July 7, 2017 / Independent Youth News
June 30, 2017 – Glen Cove, NY – Graduations, Award Ceremonies, End-of-Year Performances…there was much to celebrate at SCO as the school year came to a close! Here are a few highlights:
Dreams became reality for the graduates of our three transfer high schools for over age, under-credited students: Bronx Arena High School, East Brooklyn Community High School and North Queens Community High School. The Class of 2017 received their Regents diplomas after overcoming obstacles and at times, self-doubt – persevering through hard work and determination.
Our Westbrook Preparatory School for teens with high functioning Autism celebrated the graduation of three youth who have become role models for their peers.
Theresa Paplin School in Queens and The Christopher School in the Bronx – residential schools for youth with developmental and behavioral challenges – recognized their students’ accomplishments and bid a fond farewell to graduating youth who will be moving on to residential living for adults.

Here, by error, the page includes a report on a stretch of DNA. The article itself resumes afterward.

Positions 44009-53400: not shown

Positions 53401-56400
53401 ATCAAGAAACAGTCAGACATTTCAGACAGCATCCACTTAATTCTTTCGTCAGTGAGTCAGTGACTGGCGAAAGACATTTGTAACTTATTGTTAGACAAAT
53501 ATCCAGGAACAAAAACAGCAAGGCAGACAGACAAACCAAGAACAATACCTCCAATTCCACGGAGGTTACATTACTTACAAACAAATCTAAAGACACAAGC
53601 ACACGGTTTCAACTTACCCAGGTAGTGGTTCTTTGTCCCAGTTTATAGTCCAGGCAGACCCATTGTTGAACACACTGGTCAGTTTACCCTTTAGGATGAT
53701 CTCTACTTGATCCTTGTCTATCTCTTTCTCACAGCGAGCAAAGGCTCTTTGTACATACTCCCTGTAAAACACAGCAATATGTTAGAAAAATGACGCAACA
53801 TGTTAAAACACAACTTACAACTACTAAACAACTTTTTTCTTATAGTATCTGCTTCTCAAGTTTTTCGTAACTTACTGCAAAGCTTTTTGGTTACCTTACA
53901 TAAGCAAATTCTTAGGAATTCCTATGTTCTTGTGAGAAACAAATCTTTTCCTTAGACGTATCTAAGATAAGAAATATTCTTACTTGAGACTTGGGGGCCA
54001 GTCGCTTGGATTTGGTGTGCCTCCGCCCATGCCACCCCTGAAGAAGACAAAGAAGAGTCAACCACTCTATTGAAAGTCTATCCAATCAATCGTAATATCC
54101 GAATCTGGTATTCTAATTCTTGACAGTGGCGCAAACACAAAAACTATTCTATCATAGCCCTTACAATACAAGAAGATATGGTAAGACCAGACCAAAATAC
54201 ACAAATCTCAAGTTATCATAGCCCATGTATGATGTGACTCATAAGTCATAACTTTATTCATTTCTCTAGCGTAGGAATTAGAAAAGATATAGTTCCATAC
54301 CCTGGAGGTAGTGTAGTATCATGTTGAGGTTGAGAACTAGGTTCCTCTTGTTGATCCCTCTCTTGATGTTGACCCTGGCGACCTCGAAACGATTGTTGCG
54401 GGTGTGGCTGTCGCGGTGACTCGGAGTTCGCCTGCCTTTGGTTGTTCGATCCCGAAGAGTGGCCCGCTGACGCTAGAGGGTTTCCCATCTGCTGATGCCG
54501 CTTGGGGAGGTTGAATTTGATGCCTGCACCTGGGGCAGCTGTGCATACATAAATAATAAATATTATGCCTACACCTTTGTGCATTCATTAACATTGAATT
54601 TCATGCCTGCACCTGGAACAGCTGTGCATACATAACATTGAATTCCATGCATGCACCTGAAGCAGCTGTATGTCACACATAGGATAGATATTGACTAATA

The Tyree Learning Center for children with developmental disabilities celebrated the progress of each student in a Moving Up ceremony that included musical selections by the TLC chorus and a first-ever Color Guard March to celebrate Flag Day.
Students at our five Early Childhood Education Centers: Shirley Chisholm, Morris Koppelman and FirstStepNYC (Brooklyn) and Jerome Hardeman and Corona UPK (Queens) proudly received Pre-K certificates at Moving On ceremonies as they look forward to beginning Kindergarten in the fall.
Our Center for Family Life and Family Dynamics after school programs held end-of-year events and performances that showcased their creative talents.
Our Independence Inns for runaway and homeless youth recognized the achievements of these determined young people at their Inn-Ovation Awards Ceremony.
A special shout out to Tanya, proud graduate of the Queens Transition Center in Elmhurst, a high school for youth with special needs. Tanya resides in one of our Extraordinary Needs community-based residences.
people with special needs develop skills to reach their full potential
of young adults in foster care (18+) are enrolled in school or working